The next day, it was time to hit the road again. We bid goodbye to beautiful Llandudno on a sunny morning and before we knew it, we were back in the quiet countryside with little roads and lots of sheep.
Before landing in Tremadog for the night (a “suburb” of the village of Portmadog, two names I butchered in pronunciation), we stopped in Llinbaris to take the Snowdon Mountain Railway up to the top of Snowdonia (in operation since 1896!). I recommend booking in advance since it gets popular and only runs a couple times per day. The old steam train puffed away from the station, showing its age by blowing a sulfur-like scent into the train cars when we happened to idle too long.
The one-and-a-half hour trip up felt much shorter–the view kept changing and the landscape was blanketed in a peaceful fog. More ambitious individuals chose to hike their way to the top while we sat lazily on our train car, waving at us ambitiously as we chugged past them. The steam train had to occasionally stop to “refuel” with water.
By the time we reached the summit of Snowdonia, the highest peak in Wales, we were completely enveloped by fog. What should have been a sweeping, panoramic view of the landscape was nothing more than a claustrophobic puff of cloud. What can you do–that’s UK weather for you. Our group laughed it off and snapped photos of each other as we seemed to sink into a vast cloud of mist.
Back on the bottom, we continued our road trip with a stop in Llanrwst to have afternoon tea at an old vine-colored tea room that looked like something from a postcard. It had low wood-beamed ceilings, toasted sandwiches, and perfect scones—both soft and crunchy simultaneously and covered in sweet clotted cream.
On our way out of town, we encountered a 1-way bridge that inclined into a blind hill, requiring us to back up in order to allow a car to pass that beat us to the “top”. To compound things, there were pedestrians running alongside the 4 inch road shoulders without a care in the world. Just another heart-pounding day on the road.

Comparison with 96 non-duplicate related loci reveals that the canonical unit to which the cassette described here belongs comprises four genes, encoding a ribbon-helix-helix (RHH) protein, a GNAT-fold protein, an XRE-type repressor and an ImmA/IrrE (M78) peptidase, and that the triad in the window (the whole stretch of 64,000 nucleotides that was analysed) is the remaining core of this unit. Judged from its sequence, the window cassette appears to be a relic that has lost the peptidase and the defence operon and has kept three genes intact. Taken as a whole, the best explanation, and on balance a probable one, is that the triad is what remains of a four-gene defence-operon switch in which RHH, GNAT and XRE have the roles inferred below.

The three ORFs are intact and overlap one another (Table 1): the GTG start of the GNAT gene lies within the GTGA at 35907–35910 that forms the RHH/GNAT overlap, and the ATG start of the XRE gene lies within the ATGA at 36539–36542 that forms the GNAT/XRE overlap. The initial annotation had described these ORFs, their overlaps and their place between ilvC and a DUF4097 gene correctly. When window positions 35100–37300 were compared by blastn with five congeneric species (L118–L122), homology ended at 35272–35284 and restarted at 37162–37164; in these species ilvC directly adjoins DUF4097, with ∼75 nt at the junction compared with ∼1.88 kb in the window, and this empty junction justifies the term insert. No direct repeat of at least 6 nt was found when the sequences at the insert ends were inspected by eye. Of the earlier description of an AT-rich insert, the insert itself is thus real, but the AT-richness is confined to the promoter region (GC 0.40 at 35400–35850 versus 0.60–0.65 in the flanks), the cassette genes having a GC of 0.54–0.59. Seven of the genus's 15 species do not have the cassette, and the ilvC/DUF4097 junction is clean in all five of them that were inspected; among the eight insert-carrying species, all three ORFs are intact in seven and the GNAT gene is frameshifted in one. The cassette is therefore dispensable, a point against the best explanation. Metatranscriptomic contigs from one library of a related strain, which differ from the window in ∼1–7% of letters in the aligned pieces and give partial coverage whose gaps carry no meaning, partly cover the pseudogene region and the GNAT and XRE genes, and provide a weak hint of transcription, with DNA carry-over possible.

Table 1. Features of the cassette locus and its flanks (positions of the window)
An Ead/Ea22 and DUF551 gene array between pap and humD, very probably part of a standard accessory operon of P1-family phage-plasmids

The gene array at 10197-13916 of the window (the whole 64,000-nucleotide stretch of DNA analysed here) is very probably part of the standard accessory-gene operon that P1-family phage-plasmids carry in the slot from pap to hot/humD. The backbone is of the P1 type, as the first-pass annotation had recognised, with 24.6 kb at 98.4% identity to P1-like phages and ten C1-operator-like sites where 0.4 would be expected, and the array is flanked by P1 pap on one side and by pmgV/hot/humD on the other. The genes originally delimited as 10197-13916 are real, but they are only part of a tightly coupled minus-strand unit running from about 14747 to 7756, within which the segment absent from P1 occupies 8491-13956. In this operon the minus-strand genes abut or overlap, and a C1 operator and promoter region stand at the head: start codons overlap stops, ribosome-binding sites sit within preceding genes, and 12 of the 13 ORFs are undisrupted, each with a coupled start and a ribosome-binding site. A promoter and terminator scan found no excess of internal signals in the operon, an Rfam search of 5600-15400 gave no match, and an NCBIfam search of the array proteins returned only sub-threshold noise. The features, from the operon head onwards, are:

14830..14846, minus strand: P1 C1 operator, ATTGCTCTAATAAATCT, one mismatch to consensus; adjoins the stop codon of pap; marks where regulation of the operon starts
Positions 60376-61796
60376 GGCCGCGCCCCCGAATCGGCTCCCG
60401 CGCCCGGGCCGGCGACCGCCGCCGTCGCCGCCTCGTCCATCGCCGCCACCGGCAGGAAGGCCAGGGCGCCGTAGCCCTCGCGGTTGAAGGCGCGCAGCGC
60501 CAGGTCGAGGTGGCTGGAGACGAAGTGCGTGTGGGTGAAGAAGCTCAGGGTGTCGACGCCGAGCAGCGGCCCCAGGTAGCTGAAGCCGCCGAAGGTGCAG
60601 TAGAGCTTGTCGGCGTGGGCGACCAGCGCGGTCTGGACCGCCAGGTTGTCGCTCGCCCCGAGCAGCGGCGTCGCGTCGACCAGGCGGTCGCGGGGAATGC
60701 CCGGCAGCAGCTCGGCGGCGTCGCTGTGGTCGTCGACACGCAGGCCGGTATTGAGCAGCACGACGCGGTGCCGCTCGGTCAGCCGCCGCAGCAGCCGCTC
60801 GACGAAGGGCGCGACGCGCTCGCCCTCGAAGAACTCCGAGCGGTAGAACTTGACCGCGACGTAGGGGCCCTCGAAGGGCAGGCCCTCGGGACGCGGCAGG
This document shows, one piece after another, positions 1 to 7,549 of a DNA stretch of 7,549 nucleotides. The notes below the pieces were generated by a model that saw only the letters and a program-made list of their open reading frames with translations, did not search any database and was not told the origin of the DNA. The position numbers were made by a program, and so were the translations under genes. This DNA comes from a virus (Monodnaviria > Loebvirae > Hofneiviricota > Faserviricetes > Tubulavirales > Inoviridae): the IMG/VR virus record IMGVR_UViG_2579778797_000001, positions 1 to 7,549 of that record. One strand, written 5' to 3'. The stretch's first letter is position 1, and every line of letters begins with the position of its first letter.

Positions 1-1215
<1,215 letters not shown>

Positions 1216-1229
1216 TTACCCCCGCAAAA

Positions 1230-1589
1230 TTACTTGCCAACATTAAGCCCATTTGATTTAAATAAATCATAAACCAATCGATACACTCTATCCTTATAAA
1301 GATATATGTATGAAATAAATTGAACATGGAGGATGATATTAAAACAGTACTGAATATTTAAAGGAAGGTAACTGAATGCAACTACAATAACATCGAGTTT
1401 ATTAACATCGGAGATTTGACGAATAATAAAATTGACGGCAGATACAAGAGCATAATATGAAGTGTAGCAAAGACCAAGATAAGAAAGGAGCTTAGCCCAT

We rolled into Tremadog in the late afternoon. The entire village was squished into a few quiet streets, with 3 total options for hot food around a tiny town square. We picked dinner at the pub within our hotel, ordering espresso martinis from a confused older bartender who waved down her teenage co-worker to go make fresh espressos at the hotel’s coffee stand. In our defense, martinis WERE on the menu…
It was surprisingly noisy that night for a town with so few people. A handful of local teenagers had turned the town square into a weekend hangout, their voices echoing off the rows of homes and nearby hillside. After they had gone home, the space grew silent and serene.
The next day, we drove a mile into Portmadog and caught the Welsh Highland Railway train to Caernefron for the day (trains are becoming a travel trend). A poignant upgrade from previous trips, this train was complete with food and drink service and actual cushions on the seats. The landscape was stunning–it reminded me of Iceland with sweeping hills and thousands of sheep and lambs. Sometimes a rogue sheep would start running down the tracks ahead of our train, causing the conductor to pump the breaks and honk the horn.
We only had 2 hours in Caernefron before the train made its way back to Portmadog. Katie and I chose to spend this time drinking beer next to a medieval castle. It felt sufficient. Back on the train, having acquired a snack from a teenage train waiter who looked like a young Paul McCartney, we settled in and enjoyed the countryside until we were back in our village.
Since we’d already eaten dinner at 1 of 3 options in town, there wasn’t much to choose from for our last night. We decided to go to Y Swgar based on amazing TripAdvisor reviews…Wow…It was possibly one of the best meals I’ve ever had. I got slow roasted lamb shoulder infused with mint and accompanied by sweet red cabbage slaw in a tangy sauce. The meat was buttery and the sauce was addictive. Katie’s roast duck with crispy skin and shallot plum sauce was just as perfect. We washed everything down with a copious amount of white wine and went to sleep already missing the food.
A faint church bell in the distance would sound on the hour starting at 4am, so you knew the time without checking your phone. It should have been irritating, but instead it felt grounding. The calm energy here made me feel calm as a person. I felt protected in that secret, tucked away town, far from the anxious and angry energy at home that seems to change the structure of the air. I’m just a different person in this energy.